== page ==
Welcome to the initial blog entry for CAVU Café: Royboy’s Prose & Cons. For those not familiar with the acronym, CAVU means Ceiling And Visibility Unlimited. It’s a term endeared in the hearts of aviators, and otherwise means great weather for flying. We hope you’ll enjoy the prose…unless you’re a con.
STOLEN AIRCRAFT PARTS
By Roy Resto
“Pssst: hey bud, make ya a deal on a hot toilet seat… Don’t sit on this offer too long…we’re flush with inventory…”
You don’t have to search very hard to find news articles or press releases regarding stolen aircraft parts or whole aircraft. At the end of this blog is a short listing of links to such articles. If one believes that aircraft toilet seats cost $600, it becomes easy to understand why this commodity group continues to attract the attention of those involved in nefarious activities.
I became aware of this activity when I worked for a major airline. One of our aircraft had tragically crashed into a mountain side at night and in poor weather in a very remote area of jungle. By the time investigators reached, and were able to secure the area, it became evident that parts had been stolen from the sight. After a meticulous inventory, the airline was able to publish a list of parts reported stolen. I also experienced reports of mechanics showing me parts with stolen data plates, or evidence of attempts to pry-off data plates.
All attempts to ‘fence’ stolen aircraft parts will necessarily involve all types of fraud, laundering, and falsification of documents. This pattern did not escape the attention of the Suspected Unapproved Parts (SUPs) Steering committee. The charter of this committee was to work with the FAA’s then AVR-20 SUPs office, to jointly work on recommendations for solutions to known and developing unapproved parts issues. The committee was made up of representatives of trade associations (such as the Aviation Suppliers Association, ASA), Law Enforcement, Airlines, General Aviation, Distributors, Manufacturers, and Repair Stations. I’m proud to have served on the committee for over ten years. In the course of reviewing the circumstances of this activity, the committee observed:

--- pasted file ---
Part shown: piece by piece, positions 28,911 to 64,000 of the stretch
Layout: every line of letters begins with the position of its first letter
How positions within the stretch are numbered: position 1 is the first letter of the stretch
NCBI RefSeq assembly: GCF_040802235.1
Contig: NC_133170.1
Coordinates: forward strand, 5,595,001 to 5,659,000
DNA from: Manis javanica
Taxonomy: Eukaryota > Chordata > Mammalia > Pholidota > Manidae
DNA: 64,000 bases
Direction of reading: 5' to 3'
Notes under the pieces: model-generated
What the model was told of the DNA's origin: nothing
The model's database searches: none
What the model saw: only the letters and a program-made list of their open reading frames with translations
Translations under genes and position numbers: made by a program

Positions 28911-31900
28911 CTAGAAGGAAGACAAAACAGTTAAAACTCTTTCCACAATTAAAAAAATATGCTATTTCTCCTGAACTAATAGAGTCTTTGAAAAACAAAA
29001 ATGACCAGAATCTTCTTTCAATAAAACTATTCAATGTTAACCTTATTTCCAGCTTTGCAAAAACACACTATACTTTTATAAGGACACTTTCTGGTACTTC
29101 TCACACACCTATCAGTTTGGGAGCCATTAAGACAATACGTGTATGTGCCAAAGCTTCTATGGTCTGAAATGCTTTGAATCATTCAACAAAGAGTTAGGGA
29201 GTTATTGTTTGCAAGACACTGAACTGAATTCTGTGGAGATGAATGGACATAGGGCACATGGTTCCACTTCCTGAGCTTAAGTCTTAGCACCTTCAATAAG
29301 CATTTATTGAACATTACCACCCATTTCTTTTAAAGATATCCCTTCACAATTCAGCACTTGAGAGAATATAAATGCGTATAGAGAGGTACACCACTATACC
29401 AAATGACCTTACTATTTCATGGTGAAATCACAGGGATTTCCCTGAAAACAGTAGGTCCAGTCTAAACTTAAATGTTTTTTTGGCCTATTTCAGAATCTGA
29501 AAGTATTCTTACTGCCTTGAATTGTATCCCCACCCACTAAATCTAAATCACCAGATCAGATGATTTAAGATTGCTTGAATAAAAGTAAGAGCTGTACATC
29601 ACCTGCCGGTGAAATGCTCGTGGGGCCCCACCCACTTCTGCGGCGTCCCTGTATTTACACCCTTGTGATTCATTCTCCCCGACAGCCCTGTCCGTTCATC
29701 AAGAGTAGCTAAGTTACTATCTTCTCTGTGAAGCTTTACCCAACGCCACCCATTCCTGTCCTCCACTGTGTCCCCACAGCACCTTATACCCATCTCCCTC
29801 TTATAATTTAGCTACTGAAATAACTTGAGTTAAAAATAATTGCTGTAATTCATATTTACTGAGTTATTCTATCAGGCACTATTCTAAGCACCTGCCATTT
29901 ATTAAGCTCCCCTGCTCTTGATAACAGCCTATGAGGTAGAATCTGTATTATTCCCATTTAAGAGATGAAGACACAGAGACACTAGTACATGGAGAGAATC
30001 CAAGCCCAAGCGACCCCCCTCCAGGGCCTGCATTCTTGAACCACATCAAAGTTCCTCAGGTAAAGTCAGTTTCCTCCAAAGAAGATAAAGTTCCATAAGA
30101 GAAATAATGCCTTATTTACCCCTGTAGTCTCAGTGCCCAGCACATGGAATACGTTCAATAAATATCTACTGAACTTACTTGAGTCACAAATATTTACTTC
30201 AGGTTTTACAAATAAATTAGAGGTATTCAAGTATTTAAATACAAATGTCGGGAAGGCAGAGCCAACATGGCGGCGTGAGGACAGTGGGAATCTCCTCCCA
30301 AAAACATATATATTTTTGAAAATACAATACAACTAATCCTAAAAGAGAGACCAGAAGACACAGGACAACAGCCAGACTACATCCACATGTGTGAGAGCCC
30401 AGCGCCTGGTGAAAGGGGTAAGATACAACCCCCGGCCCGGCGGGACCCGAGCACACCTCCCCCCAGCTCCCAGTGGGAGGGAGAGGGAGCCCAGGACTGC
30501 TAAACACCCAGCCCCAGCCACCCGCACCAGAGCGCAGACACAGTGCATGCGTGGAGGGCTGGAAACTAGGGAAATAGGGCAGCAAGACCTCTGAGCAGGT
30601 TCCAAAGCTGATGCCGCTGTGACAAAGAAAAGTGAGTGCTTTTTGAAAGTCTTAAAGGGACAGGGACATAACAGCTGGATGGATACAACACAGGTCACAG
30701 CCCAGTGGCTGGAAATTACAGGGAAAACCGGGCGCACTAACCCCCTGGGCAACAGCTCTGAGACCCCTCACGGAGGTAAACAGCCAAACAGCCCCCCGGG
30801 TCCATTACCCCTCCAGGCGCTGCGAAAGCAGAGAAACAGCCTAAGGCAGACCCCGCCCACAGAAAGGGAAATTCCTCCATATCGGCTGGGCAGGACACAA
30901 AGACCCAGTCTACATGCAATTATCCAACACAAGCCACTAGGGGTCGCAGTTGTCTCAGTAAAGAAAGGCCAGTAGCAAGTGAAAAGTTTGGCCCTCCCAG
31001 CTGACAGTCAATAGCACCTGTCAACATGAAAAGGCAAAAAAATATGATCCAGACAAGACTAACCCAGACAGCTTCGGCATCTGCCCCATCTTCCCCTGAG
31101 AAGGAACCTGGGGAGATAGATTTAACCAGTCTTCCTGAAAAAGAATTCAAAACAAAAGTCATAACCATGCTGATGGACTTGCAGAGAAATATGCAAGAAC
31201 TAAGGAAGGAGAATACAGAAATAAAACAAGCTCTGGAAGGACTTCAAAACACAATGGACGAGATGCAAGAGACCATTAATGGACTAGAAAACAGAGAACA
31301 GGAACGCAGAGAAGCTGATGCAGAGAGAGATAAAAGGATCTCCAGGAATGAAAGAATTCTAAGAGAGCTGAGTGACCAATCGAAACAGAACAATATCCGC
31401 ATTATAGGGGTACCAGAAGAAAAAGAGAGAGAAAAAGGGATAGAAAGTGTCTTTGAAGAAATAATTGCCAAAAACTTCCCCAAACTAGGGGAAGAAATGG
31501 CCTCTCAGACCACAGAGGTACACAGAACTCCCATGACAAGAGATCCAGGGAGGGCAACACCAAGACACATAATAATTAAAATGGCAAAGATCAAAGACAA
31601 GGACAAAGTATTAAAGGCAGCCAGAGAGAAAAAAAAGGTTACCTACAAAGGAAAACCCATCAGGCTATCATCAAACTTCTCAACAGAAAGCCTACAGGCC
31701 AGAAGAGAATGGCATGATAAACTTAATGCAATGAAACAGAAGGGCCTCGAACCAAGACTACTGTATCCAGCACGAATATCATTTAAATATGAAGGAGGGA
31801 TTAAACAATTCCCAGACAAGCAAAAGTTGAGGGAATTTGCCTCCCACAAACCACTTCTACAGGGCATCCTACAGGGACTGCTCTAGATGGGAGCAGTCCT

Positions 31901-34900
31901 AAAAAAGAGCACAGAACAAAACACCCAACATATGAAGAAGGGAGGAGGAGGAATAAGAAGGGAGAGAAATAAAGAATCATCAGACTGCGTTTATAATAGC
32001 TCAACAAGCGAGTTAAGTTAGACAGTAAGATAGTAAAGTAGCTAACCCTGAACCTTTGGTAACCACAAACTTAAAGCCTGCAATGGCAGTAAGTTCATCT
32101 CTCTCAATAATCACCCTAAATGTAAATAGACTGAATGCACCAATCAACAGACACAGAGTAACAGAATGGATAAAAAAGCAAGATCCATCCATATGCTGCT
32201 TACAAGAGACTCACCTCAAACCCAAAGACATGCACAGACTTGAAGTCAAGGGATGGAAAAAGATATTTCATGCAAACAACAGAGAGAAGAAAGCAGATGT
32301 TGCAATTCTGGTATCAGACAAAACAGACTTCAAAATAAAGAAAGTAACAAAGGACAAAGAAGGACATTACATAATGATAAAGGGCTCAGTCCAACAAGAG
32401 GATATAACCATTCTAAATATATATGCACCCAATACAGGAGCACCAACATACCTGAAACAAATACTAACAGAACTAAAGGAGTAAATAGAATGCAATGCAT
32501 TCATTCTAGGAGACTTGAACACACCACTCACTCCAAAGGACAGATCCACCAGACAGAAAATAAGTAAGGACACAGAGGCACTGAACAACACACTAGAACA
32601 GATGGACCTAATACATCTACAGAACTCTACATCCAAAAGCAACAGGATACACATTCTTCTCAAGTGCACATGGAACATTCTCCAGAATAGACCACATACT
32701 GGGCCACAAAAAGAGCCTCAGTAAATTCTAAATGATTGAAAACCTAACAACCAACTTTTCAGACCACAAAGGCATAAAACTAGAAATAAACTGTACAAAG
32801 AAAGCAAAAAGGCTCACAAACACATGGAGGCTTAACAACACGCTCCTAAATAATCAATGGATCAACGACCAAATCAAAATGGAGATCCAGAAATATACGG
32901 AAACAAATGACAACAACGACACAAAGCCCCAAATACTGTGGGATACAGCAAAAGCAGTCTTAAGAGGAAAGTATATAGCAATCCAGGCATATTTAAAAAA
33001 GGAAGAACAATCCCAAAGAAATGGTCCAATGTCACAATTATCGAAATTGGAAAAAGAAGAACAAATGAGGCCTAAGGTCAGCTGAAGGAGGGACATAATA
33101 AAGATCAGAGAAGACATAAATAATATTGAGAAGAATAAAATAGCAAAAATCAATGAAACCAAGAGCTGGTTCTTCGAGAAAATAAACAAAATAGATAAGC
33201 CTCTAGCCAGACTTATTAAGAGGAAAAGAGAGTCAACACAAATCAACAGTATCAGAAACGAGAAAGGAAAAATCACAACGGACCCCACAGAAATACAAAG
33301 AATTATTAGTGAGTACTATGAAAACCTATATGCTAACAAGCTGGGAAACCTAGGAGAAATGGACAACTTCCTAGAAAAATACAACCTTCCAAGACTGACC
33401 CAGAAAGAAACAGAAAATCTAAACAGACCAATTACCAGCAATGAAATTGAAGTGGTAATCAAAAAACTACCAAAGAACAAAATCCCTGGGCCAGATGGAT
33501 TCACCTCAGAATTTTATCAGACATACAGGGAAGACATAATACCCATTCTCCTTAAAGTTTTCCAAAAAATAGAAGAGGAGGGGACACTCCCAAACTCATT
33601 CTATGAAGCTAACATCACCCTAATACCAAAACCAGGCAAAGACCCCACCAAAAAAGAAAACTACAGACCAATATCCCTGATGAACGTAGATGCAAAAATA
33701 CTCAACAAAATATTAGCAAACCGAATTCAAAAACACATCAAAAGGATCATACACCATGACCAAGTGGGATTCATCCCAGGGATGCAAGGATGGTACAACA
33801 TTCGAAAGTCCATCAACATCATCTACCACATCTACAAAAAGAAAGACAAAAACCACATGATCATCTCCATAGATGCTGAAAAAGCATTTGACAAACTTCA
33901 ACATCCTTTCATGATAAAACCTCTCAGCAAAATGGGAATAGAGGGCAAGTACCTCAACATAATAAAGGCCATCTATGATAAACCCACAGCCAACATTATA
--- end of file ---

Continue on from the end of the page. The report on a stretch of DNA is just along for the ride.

- Reports of stolen parts originate from a wide cross section of sources such as newspapers, TV, press releases, trade magazines, community bulletin boards, and web postings.
- For owners of aircraft parts, there was no guidance on the best way to make such reports.
- For reports made to law enforcement agencies, there was no guarantee of the information being entered into national crime databases, and for those that were, that the information was entered in a uniform manor that could easily facilitate ‘data mining’.
- There was some indications of possible under-reporting; this due to certain companies wishing to protect their brand from reports of employee thefts (yes that happens)
All of this contributed to the conclusion that there was no way to ‘connect the dots’; how to answer the following:
- How much of this activity is really going on, the depth and breadth of it?
- Are specific parts being targeted like popular GPS units, batteries, etc.?
- Are specific areas being hit such as cities, states, regions?
Early on in the committee, I made the suggestion, that if a data base existed of such parts, the problem could be amplified, and resources brought to bear to minimize it. Admittedly, the idea was not a new one, in fact I know of two places that hosted such information. The problem here was a limited audience with one, and membership fees for the other. The challenge remained the creation of a credible, widely accessible, and widely known database. Early attempts to create such a new repository, although sincere, soon ran into the reality that the desired web site would require start up costs, a legal review, and on-going processing and maintenance. Because of this, those attempts dissolved.
The ASA however, continued to quietly entertain the idea of hosting it themselves, and discussions evolved at the Board of Director’s level supportive of the effort. This was aided in small part by the heralding of a Board member, yours truly.
The potential of this data base to aid the aviation industry must not be underestimated. Its success as a deterrence to stolen aircraft/parts activity will rest with the degree to which the industry is apprised of its existence and participates in making data entries. The benefits of the data base will be:
- Law Enforcement agencies may notice patterns such as rings operating in certain areas and bring resources address them
- Purchasers and owners of parts can check the data base to see if inventory is affected
- For owners, if patterns of parts being stolen emerge, additional protective measures can be taken for protection
- Since stolen parts activity typically involves falsification of documents, fraud, and alteration of parts, there is the explicit inference that safety may be affected. If so, the contribution of the data base to enhance safety, while likely difficult to quantify, cannot be discounted.
The ASA will host the new database. For the ASA to engage this pro-bono effort speaks volumes of its commitment not only to its constituents, but to the aviation community in whole, since General Aviation, Commercial Aviation, and Military operators alike will all be able to participate and benefit from the data.
A very good introduction to the dark side of the aircraft parts business, is my blog on laundering of aircraft parts, soon to be posted.
By the way, I asked a salesperson friend to get pricing on toilet seats. The most expensive he found was $325.00 for New condition. For some reason none were available in Overhauled condition; they’re Expendable. What are the reasons for replacing a toilet seat? They break? Or perhaps wear? If so, there must be in-service dimensional checks to gauge wear, of course with a calibrated micrometer…nah….
Links to reports: